Simon Barrett (You’re Next, The Guest, Blair Witch), and criminologist Dr. Bill Sanders.
Three words: Blender. Russian. Roulette. Keating grills Barrett about the craft of building tension while the two stick their hands into blenders that could potentially switch on after every question. It’s a great bit and it adds an illustrative layer of stakes to the interview.
While talking about the stakes of famously tense scenes, Barrett describes the pan shot in Inglorious Basterds that reveals the Dreyfus family hiding under the floorboards as a tragically human version of Alfred Hitchcock’s famous “bomb under the table” theory of suspense. Barrett’s observation is unnerving, illuminating, and a perfect illustration of the cinematic literacy at play in The Core.
Episode 3: The Soska Sisters
Tackling the gory goodness of practical effects, Keating sits down with the Soska Sisters to talk on-screen carnage and gender in genre film. And because it’s a Soska Sister episode there’s a fair amount of body modification and prosthetic dicks getting ripped off. Their brand is strong.
Jen and Sylvia Soska (American Mary), and body modification artist Luna Cobra.
There is a montage of the Soska Sisters’ favorite dick mutilation scenes that has to be seen to be believed. Also, it’s followed up by an F/X tutorial because of course it is.
The twins got into filmmaking because of their bad experience with film school: “it made us so pissed off we made Dead Hooker in a Trunk.”
Episode 4: Mary Harron
The iconic Mary Harron joins Keating under the shadow of a dangling piano (no, really) to unpack what goes into manipulating an audience. The interview is the gemstone of the episode and an enlightening ride through Harron’s filmography, influences, and fluency with on-screen tension.
Mary Harron (American Psycho, The Moth Diaries, I Shot Andy Warhol), and mentalist Kevin Viner.
Halfway through the episode Keating and Harron find themselves at a dinner table, where Harron (commanding the use of the surrounding cameras) illustrates how movement, placement, and framing can affect something as mundane and familiar as sharing a meal with someone.
When Christian Bale first tried moonwalking in the rehearsals of American Psycho’s infamous “Hey Paul!” scene, Harron fell out of her chair in hysterics.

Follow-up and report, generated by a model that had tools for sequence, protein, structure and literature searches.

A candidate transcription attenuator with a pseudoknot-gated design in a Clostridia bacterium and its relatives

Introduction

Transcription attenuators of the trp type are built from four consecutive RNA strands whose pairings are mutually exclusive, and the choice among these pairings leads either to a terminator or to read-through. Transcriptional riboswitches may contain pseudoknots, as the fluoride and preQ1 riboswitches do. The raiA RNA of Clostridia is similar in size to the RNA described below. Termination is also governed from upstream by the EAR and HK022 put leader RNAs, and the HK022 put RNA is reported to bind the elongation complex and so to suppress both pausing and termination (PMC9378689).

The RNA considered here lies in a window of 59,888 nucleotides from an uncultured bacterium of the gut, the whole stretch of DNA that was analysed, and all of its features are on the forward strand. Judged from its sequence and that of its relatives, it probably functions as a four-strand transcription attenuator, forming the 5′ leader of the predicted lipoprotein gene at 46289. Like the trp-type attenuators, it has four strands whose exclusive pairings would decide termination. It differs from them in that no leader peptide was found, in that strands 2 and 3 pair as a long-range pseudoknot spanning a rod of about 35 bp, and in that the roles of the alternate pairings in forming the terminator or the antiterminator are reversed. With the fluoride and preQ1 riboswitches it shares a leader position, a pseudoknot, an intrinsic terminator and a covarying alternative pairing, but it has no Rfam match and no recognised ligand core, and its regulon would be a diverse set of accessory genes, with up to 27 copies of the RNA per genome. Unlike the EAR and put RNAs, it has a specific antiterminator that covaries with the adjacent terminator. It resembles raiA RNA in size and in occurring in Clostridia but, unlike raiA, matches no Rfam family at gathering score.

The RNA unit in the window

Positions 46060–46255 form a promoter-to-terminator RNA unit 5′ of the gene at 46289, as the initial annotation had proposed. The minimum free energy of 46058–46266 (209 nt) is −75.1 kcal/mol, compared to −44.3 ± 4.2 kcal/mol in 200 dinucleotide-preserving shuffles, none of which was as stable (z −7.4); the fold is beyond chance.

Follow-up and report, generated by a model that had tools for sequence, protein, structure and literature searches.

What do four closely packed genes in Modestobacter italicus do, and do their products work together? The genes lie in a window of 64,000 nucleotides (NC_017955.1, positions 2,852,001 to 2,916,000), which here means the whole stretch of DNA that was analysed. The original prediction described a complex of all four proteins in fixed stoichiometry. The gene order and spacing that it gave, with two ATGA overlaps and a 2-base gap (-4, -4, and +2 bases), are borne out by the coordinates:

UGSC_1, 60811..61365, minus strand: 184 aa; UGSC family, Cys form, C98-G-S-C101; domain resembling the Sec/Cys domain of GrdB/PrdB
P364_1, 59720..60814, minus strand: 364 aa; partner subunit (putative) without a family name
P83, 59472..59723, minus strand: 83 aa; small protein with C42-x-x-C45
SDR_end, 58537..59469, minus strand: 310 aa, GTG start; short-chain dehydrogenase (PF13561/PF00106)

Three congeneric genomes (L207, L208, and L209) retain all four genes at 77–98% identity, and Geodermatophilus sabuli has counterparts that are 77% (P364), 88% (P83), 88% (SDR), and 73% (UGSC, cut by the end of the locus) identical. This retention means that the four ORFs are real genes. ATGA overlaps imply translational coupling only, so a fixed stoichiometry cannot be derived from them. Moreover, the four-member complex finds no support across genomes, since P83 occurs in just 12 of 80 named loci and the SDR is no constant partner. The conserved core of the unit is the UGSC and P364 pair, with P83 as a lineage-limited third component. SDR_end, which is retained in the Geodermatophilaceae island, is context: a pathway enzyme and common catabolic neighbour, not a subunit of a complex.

Episode 5: Leigh Whannell
You can’t talk about modern horror without talking about jump scares. While they’re considered by many to be a scourge, Episode 5 does its due diligence in unpacking the guts of a good sting. Leigh Whannell’s charm does a lot of heavy lifting calling cinema snobs to task and reminding us that not everything has to be Hitchcock.
Leigh Whannell (Saw, Insidious), and the creative director of Heretic Horror House, Adrian Marcato.
The 1950s Fallout-style instructional video “How Not to Jump” is a fucking hoot. It’s cheeky, to the point, and cathartically illustrative of the best and worst that jump scares have to offer.
Whannell owned a script of Se7en that he treated like a screenwriting bible.
Episode 6: Rodney Ascher
I watched Rodney Ascher’s Primal Screen on a whim last summer and I’m still thinking about it. At only 30 minutes long, the Shudder original delves into the traumatic power of pop-culture artifacts, more specifically (but not exclusively) ventriloquist dummies. I haven’t been able to bring myself to watch Ascher’s The Nightmare and honestly hearing Ascher and a bonafide medical professional talk about the “borderlands between waking and dreaming” is probably about as close as I’m going to get.
Rodney Ascher (The Nightmare, Room 237) and sleep expert Dr. Raj Dasgupta.